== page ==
I usually make my paint and straightaway use it to make a painting. I’ve been making watercolour paint to sell, but it’s not as easy as you would think! The moisture in the paint evaporates, of course, but shrinks and leaves cracks as it does so. I see from Studio Art Supplies (Auckland) that the Schmincke company takes ages to complete the process of filling pans of paint, letting the layers dry before adding another.
Watercolour paint is great, it is revivable after going dry and solid – you can use every last little scrap of it. That’s good as it takes a while to grind the pigment down to powder and then use the muller to incorporate the pigment into the gum arabic vehicle. Another exciting thing about making paint is the way the finished paint colour suddenly appears whilst you are making it and the pigment becomes fully dispersed in the vehicle.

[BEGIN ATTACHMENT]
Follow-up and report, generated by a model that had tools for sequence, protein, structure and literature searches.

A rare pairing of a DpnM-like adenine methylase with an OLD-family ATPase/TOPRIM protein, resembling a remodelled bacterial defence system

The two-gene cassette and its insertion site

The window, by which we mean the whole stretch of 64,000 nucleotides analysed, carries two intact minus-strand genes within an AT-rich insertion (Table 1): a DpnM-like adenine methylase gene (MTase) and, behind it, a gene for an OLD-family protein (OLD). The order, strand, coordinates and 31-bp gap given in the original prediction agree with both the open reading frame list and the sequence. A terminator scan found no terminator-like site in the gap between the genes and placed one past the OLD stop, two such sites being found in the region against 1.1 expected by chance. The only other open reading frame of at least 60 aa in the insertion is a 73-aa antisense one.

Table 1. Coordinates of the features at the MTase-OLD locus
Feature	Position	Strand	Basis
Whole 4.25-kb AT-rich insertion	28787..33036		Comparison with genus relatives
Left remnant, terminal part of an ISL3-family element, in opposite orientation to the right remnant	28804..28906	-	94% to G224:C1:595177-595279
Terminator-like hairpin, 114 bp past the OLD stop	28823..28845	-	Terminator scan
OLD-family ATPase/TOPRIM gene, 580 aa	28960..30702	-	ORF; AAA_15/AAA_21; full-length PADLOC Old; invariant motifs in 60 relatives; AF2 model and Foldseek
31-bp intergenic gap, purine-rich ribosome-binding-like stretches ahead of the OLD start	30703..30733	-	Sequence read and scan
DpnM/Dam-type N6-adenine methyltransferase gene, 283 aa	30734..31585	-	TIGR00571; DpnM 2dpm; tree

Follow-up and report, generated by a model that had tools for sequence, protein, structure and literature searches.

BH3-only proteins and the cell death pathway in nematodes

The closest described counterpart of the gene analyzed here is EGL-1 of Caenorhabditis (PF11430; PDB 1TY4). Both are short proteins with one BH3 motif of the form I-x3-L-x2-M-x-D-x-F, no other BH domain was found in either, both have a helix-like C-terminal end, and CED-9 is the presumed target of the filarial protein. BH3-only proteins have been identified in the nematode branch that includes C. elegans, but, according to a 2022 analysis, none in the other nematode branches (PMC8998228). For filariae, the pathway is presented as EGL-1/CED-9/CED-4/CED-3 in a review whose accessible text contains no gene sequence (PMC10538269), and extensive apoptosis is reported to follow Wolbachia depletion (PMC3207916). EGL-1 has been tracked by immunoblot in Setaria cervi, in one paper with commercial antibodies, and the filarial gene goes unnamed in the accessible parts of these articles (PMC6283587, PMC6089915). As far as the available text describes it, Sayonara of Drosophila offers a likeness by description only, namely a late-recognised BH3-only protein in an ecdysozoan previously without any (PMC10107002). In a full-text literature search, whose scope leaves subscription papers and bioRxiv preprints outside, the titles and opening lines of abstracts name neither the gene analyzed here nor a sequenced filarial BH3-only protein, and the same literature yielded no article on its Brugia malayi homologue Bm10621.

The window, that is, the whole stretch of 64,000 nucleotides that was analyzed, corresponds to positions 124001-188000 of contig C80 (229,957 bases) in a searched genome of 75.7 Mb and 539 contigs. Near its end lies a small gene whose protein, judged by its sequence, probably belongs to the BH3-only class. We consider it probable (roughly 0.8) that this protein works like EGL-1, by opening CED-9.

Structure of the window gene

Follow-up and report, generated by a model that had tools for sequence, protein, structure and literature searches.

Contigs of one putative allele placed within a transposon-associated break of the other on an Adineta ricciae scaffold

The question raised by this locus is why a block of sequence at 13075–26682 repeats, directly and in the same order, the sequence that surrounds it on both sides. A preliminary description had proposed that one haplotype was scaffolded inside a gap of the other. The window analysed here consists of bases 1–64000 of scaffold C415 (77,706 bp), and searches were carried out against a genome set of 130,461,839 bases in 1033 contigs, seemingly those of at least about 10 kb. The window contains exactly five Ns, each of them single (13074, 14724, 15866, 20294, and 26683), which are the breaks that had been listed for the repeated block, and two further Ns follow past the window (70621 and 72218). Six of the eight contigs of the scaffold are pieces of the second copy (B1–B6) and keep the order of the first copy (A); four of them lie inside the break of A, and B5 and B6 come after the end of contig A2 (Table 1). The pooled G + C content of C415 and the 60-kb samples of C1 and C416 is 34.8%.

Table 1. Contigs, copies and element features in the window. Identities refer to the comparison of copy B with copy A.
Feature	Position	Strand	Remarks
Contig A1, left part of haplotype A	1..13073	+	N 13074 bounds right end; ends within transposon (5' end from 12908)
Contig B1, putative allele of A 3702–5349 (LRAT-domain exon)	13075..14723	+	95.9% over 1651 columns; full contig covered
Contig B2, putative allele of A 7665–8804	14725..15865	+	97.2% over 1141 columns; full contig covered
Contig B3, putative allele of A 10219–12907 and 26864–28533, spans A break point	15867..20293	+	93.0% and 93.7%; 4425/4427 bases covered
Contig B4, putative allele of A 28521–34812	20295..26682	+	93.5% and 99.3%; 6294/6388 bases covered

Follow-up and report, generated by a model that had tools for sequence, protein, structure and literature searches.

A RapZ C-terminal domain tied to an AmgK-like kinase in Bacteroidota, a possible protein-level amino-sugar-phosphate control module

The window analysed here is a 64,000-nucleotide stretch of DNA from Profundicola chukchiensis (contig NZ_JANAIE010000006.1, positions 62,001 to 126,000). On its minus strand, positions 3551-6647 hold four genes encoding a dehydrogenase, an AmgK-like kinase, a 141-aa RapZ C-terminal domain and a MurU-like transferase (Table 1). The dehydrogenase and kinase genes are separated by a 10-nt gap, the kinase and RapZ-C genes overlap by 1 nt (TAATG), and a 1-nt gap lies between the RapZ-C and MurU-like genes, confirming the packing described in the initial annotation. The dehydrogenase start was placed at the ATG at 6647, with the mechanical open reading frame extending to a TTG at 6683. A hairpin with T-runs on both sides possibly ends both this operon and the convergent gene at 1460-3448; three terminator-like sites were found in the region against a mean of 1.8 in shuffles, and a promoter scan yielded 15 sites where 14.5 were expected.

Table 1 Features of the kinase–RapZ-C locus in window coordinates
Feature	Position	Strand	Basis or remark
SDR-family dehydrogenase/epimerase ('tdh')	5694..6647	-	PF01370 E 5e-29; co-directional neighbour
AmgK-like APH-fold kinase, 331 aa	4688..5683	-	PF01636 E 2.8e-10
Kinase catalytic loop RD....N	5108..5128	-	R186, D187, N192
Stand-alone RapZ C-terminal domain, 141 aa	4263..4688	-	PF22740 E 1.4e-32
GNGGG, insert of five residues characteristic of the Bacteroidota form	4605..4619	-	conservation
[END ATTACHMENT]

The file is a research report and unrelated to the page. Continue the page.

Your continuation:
The various colours definitely have a psychological effect! I find browns boring, the crystal-clear glauconite green beautiful, and the reds elating. I just wish I could find a good blue, but as we all know from art history, its an elusive (and therefore expensive) hue.
I’ll keep battling on, trying to understand how the different pigments dry, and hopefully have a few half pans ready. Thanks for the photos, Andrew!